as it does today,

all the dark blue speed drained out of it.


This is the beginning of sadness, I say to myself,

as I walk through the universe in my sneakers.

It is time to say good-bye to my imaginary friends,

time to turn the first big number.


It seems only yesterday I used to believe

there was nothing under my skin but light.

If you cut me I could shine.

But now when I fall upon the sidewalks of life,

I skin my knees. I bleed.

For a Poet

To John Gaston Edgar


I have wrapped my dreams in a silken cloth,

And laid them away in a box of gold;

Where long will cling the lips of the moth,

I have wrapped my dreams in a silken cloth;

I hide no hate; I am not even wroth

Who found earth’s breath so keen and cold;

I have wrapped my dreams in a silken cloth,

And laid them away in a box of gold.

[love is more thicker than forget]

love is more thicker than forget

more thinner than recall

more seldom than a wave is wet

more frequent than to fail


it is most mad and moonly

and less it shall unbe

than all the sea which only

is deeper than the sea


love is less always than to win

less never than alive

less bigger than the least begin

less littler than forgive


it is most sane and sunly

and more it cannot die

than all the sky which only

is higher than the sky

maggie and milly and molly and may

maggie and milly and molly and may

went down to the beach(to play one day)


and maggie discovered a shell that sang

so sweetly she couldn't remember her troubles,and


milly befriended a stranded star

whose rays five languid fingers were;


and molly was chased by a horrible thing

which raced sideways while blowing bubbles:and


may came home with a smooth round stone

as small as a world and as large as alone.


For whatever we lose(like a you or a me)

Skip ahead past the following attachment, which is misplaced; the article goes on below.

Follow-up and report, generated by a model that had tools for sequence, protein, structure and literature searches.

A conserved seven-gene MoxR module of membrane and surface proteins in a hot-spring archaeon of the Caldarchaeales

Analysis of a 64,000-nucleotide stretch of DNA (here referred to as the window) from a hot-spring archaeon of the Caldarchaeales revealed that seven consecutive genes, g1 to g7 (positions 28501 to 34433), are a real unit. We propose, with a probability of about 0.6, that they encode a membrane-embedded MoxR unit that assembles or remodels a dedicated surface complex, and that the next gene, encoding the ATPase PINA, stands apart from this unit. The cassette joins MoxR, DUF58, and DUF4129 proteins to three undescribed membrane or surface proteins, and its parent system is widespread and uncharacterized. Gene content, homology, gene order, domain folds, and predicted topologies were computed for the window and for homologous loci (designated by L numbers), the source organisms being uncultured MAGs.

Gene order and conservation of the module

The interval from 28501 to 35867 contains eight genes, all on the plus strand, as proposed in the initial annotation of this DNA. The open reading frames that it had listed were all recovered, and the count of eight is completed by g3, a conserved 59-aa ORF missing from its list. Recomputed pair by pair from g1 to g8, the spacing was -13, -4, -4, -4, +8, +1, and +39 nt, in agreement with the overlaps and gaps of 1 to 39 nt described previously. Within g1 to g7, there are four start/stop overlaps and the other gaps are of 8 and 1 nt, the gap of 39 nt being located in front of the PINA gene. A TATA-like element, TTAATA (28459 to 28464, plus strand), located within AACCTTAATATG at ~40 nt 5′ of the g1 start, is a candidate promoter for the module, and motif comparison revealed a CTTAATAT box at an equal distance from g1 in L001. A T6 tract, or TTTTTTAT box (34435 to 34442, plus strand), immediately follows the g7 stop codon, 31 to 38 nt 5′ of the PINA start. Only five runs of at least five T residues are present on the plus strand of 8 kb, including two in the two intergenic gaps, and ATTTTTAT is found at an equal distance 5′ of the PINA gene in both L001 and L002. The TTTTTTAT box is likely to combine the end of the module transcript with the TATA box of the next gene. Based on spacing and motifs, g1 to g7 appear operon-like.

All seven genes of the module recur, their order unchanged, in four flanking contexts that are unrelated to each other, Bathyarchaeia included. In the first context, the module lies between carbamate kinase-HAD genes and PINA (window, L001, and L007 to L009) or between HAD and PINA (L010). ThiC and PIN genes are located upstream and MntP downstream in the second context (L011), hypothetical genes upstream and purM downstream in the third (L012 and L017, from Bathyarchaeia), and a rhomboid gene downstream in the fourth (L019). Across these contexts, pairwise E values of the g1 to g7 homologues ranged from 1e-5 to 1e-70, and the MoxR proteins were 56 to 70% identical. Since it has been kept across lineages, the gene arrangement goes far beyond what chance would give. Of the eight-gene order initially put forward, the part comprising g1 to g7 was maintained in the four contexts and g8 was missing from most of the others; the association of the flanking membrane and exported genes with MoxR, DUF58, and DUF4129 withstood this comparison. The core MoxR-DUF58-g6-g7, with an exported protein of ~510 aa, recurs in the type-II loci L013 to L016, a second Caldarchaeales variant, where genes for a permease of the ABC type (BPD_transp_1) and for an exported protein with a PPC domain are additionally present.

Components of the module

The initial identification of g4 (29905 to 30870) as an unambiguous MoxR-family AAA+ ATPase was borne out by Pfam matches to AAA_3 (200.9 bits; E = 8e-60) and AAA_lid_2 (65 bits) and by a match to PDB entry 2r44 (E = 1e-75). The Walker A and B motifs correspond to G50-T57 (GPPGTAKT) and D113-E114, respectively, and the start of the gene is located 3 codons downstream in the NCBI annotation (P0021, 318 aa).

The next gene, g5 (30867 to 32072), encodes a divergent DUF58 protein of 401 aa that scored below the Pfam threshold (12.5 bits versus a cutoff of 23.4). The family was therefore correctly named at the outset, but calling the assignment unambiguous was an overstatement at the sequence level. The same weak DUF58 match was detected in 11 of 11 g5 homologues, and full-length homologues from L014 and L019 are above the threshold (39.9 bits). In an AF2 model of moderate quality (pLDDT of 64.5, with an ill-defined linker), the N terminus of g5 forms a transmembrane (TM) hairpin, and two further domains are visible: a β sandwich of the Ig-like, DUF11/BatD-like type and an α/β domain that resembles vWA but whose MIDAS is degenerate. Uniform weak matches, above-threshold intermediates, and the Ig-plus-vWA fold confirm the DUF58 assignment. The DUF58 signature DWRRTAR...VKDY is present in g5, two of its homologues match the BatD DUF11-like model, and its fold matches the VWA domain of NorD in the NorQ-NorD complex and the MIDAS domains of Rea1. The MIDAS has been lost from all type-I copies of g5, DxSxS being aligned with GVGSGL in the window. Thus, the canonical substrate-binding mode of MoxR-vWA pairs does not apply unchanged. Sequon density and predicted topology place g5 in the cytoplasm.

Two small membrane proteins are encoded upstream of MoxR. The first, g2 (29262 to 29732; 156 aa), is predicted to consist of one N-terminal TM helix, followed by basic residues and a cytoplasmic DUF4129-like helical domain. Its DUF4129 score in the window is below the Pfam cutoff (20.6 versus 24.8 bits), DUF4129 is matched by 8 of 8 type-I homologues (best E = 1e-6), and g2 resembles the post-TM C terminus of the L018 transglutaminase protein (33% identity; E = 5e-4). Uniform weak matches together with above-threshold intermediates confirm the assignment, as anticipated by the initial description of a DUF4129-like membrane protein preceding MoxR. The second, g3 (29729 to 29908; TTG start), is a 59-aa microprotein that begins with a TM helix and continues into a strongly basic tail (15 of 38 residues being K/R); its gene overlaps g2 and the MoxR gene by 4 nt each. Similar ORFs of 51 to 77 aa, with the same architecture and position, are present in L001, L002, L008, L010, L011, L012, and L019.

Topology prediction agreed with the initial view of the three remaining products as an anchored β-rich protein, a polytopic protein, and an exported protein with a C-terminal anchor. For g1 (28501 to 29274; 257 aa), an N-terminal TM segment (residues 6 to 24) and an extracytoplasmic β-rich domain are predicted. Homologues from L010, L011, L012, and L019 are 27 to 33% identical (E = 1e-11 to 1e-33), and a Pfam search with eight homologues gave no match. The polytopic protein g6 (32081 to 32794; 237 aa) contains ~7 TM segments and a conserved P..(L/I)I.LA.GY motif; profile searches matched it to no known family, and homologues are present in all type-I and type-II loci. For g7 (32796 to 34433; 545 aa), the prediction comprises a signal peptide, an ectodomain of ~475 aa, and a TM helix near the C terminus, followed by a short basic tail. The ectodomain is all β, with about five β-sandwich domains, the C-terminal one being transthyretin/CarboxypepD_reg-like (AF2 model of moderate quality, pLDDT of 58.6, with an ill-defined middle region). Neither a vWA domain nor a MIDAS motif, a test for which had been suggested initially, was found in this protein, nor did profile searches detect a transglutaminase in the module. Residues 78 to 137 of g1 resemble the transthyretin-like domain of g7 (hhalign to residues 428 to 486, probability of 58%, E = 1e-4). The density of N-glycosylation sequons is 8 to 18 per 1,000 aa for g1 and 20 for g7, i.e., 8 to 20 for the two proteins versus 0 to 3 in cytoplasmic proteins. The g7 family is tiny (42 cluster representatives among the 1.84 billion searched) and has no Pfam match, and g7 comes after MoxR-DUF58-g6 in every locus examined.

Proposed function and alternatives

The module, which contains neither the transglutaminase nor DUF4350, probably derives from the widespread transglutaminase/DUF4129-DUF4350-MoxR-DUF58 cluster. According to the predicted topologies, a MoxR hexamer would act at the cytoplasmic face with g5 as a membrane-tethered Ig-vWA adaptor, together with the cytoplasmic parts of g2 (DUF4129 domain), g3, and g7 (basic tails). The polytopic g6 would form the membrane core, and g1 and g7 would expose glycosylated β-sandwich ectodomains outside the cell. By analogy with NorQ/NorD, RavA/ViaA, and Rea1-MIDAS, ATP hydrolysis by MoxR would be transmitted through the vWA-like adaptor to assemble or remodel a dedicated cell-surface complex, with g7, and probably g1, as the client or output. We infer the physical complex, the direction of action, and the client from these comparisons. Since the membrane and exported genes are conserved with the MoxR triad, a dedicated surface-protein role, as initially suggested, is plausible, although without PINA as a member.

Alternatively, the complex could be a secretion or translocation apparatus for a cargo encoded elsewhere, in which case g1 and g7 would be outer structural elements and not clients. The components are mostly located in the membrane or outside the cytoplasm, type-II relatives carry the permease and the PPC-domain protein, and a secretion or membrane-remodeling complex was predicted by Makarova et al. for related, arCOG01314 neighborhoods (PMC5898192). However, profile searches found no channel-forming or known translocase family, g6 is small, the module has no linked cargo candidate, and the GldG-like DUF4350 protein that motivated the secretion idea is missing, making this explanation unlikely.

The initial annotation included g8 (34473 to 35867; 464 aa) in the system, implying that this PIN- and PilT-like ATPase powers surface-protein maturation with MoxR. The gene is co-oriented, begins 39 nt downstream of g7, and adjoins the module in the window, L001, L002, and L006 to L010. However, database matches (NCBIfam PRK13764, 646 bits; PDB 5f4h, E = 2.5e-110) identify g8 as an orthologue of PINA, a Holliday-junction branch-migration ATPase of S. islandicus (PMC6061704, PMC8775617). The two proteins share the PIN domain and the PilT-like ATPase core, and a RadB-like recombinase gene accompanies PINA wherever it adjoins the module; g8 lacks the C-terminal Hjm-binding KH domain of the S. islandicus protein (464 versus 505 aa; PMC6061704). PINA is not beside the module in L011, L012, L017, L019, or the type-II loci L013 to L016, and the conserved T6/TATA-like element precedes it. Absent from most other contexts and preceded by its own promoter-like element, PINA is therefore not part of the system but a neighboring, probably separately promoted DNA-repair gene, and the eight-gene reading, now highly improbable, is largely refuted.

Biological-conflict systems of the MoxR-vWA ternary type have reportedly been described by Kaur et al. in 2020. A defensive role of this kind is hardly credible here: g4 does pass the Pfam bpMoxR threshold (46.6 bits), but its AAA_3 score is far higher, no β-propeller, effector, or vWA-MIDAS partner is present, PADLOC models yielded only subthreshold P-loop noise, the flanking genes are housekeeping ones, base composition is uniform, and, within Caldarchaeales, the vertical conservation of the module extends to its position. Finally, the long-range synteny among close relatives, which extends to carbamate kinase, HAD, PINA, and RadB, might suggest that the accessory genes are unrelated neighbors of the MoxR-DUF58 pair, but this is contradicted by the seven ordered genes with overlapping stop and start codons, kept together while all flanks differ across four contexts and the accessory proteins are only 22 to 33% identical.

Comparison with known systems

it's always ourselves we find in the sea

A Bird, came down the Walk

A Bird, came down the Walk - 

He did not know I saw -

He bit an Angle Worm in halves 

And ate the fellow, raw, 


And then, he drank a Dew

From a convenient Grass -

And then hopped sidewise to the Wall 

To let a Beetle pass -


He glanced with rapid eyes,

That hurried all abroad -

They looked like frightened Beads, I thought,

He stirred his Velvet Head. - 


Like one in danger, Cautious,

I offered him a Crumb,

And he unrolled his feathers, 

And rowed him softer Home -


Than Oars divide the Ocean,

Too silver for a seam,

Or Butterflies, off Banks of Noon, 

Leap, plashless as they swim. 

Excerpt from "They are not long"

They are not long, the weeping and the laughter,

Love and desire and hate:

I think they have no portion in us after

We pass the gate. 


They are not long, the days of wine and roses:

Out of a misty dream

Our path emerges for a while, then closes

Within a dream. 

The Song of the Jellicles

              Jellicle Cats come out to-night

              Jellicle Cats come one come all:

              The Jellicle Moon is shining bright—

              Jellicles come to the Jellicle Ball.


Jellicle Cats are black and white,

Jellicle Cats are rather small;

Jellicle Cats are merry and bright,

And pleasant to hear when they caterwaul.

Jellicle Cats have cheerful faces,

Jellicle Cats have bright black eyes;


They like to practise their airs and graces

And wait for the Jellicle Moon to rise.


Jellicle Cats develop slowly,

Jellicle Cats are not too big;

Jellicle Cats are roly-poly,

They know how to dance a gavotte and a jig.

Until the Jellicle Moon appears

They make their toilette and take their repose:

Jellicle Cats wash behind their ears,

Jellicle dry between their toes.


Jellicle Cats are white and black,

Jellicle Cats are of moderate size;

Jellicle Cats jump like a jumping-jack,

Jellicle Cats have moonlit eyes.

They're quiet enough in the morning hours,

They're quiet enough in the afternoon,

Reserving their terpsichorean powers

To dance by the light of the Jellicle Moon.


Jellicle Cats are black and white,

Jellicle Cats (as I said) are small;

If it happens to be a stormy night

They will practise a caper or two in the hall.

If it happens the sun is shining bright

You would say they had nothing to do at all:

They are resting and saving themselves to be right

For the Jellicle Moon and the Jellicle Ball.

Bilingual / Bilingüe

My father liked them separate, one there,  

one here (allá y aquí), as if aware 


that words might cut in two his daughter’s heart  

(el corazón) and lock the alien part 


to what he was—his memory, his name